However, given that there was great difficulty sourcing a supply of turf locally, consideration was given to cutting back the heating, cooking and washing facilities which perhaps possibly contributed further to the misery of life in the asylum during the influenza outbreak.

The devastating impact that the ‘flu had on both the patients and staff is well documented in the reports of Dr. Ellison, the doctor in charge, for the latter two months of 1918, to the Board of Governors, sometimes referred to as the Committee.

In November, 1918, when reporting on the state of the asylum, he wrote, “This institution is at this moment, passing through a crisis without parallel in its history.

“For the past ten days, Influenza in a most virulent and intensified form has stricken down the staff and patients. Up to this moment, close on one hundred male patients and about forty female patients have contracted the disease, while more than three fourths of staff are laid up and totally incapacitated from duty.

“Fourteen male patients have so far lost their lives chiefly from the results of septic pneumonia and many others are dangerously ill.

“With nearly one hundred and fifty persons ill and with less than one fourth of the staff available to look after them, not to mention the supervision of 800 inmates, the Committee will recognise the tremendous difficulties and dangers that have to be faced by the few who are left to do duty.

“The working of the asylum has necessarily been completely disorganised, while the remaining members of the staff are exhausted and worn out.”

Dr. Ellison’s account of staff shortages echoes what occurred during the current (Covid) pandemic when, in 2020, some nursing homes experienced staff shortages.

Dr. Ellison attempted to employ temporary staff but reported “nurses are nowhere to be had… it is therefore quite impossible to give that care and attention to the sick that their condition so urgently calls for.

“Those of the staff who have so far resisted the disease are making extraordinary and highly commendable efforts to carry out the impossible.” This is again somewhat similar to what happened a century later during this Covid-19 pandemic.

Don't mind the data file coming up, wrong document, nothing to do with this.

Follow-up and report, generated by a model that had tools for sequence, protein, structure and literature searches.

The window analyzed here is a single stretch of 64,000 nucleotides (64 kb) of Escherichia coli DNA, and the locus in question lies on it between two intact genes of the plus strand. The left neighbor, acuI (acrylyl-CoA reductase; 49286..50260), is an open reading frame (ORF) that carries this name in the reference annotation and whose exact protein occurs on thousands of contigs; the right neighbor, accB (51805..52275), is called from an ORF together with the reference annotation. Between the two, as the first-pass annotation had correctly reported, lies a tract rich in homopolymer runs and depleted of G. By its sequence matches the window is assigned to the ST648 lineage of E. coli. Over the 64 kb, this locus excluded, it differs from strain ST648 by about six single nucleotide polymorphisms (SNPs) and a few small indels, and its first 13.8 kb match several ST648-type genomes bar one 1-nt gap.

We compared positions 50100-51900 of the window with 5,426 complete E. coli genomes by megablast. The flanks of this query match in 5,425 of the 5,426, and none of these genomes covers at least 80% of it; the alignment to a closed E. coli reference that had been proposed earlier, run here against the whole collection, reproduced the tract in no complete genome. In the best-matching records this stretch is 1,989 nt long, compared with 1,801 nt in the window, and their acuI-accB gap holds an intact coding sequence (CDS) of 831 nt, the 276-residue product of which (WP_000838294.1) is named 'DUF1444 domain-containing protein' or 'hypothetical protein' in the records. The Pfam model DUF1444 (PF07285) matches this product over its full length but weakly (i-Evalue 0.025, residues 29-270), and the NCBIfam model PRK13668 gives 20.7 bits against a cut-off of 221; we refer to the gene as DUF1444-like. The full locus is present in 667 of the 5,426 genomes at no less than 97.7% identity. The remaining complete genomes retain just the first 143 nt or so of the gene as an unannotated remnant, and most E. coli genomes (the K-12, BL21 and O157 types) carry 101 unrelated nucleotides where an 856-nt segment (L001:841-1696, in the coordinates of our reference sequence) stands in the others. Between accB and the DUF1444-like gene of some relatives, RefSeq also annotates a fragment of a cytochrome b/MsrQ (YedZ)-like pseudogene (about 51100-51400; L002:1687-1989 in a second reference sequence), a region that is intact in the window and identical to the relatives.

By mid-December, 1918, Dr. Ellison reported on how matters had deteriorated even further.

“Altogether over 200 patients were ill, of whom about forty died chiefly from pneumonia. Three female attendants died from this disease contracted in the asylum services. At one period, there were out of a total staff of 78 only 12 persons on duty….at one time only four members of the female staff out of a total of 27 were available for duty…these had to work by day and night to maintain even a semblance of supervision.”

Similar to the proposals today to acknowledge and reward the efforts and hard work of frontline staff who worked tirelessly and at times risked their own life during this Covid-19, back in 1918 there was a proposal “to give each of the attendants a week’s holidays and also commend their services for special consideration”.

The Board of Governors subsequently acknowledged their efforts and reference was made to “the real heroism on the part of staff” and they were rewarded with time off and monetary reward.

It is interesting to note that by mid-January 1919, three months after the outbreak began, it was reported “the epidemic has now abated but has left its mark on many of those who survived”.

Several members of the staff were still unable to return to duty, in consequence of the physical prostration which resulted from the illness.

One wonders was this inability to return to work caused by the equivalent of Long Covid, the debilitating condition that we are learning more about today.

Forty-seven patients, along with three members of staff, died from ‘flu during the last two weeks of November and early December 1918.